My Instagram feed is normally a soothing respite from the horrors of the world through a collection of cute animals, tasty-looking dishes and people’s vacay pics.
But not on this day.
I follow the UniverCity Community Association on Instagram because I live in this community.
The association is staging a “community town hall” on May 22 and the discussion topics listed in the IG post sounded really alarming.
The event will discuss “road safety, emergency response and the need for an evacuation plan for Burnaby Mountain.”
I guess I should have looked into this more before I moved on top of Burnaby Mountain, but I foolishly assumed there was an evacuation plan in place for a large community that only has two roads leading out.
Apparently, I was wrong.
So I am definitely going to this event, being held at 6:30 p.m. at the University Highlands Elementary School gym.
The featured guests include City of Burnaby staff and Mayor Mike Hurley, a former firefighter who I am sure will want to get this sorted out.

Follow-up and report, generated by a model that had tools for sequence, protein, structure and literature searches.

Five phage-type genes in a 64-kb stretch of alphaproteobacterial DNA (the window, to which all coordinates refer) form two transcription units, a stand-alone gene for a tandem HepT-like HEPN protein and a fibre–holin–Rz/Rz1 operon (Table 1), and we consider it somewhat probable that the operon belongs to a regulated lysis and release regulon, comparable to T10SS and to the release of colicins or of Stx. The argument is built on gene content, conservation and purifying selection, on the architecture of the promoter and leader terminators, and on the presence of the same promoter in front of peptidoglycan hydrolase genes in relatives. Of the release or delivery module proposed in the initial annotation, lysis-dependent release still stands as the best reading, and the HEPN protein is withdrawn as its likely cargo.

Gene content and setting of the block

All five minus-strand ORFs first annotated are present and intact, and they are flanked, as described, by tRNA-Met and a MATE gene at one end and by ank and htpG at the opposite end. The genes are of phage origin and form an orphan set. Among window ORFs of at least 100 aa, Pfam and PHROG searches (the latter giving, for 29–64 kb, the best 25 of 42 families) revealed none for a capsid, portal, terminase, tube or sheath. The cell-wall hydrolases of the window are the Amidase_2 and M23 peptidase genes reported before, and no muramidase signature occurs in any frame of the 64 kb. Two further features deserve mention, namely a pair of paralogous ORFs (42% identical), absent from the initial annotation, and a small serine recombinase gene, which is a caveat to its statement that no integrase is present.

I did some more research on this and found a story from 2016 about a report, prepared by PGL Environmental Consultants, that says increasing the number of tanks through the Trans Mountain pipeline project, placing them closer together and increasing the volume of diluted bitumen will increase the risks of accidents, fires and exposure to toxic chemicals.
“I think the risks to SFU are unique because it‘s not only the tank farm per se, but it’s the impact it could have on cutting off access to the whole top of the mountain and isolating us,” SFU president Andrew Petter told the NOW. “If there were an emergency, often you would expect that the first response would be to evacuate people. Obviously if there’s a serious emergency at the tank farm and it cuts off access to the road, evacuation does not become a realistic possibility, and that itself is a risk.”
So, that’s really going to help me sleep at night.
Follow Chris Campbell on Twitter @shinebox44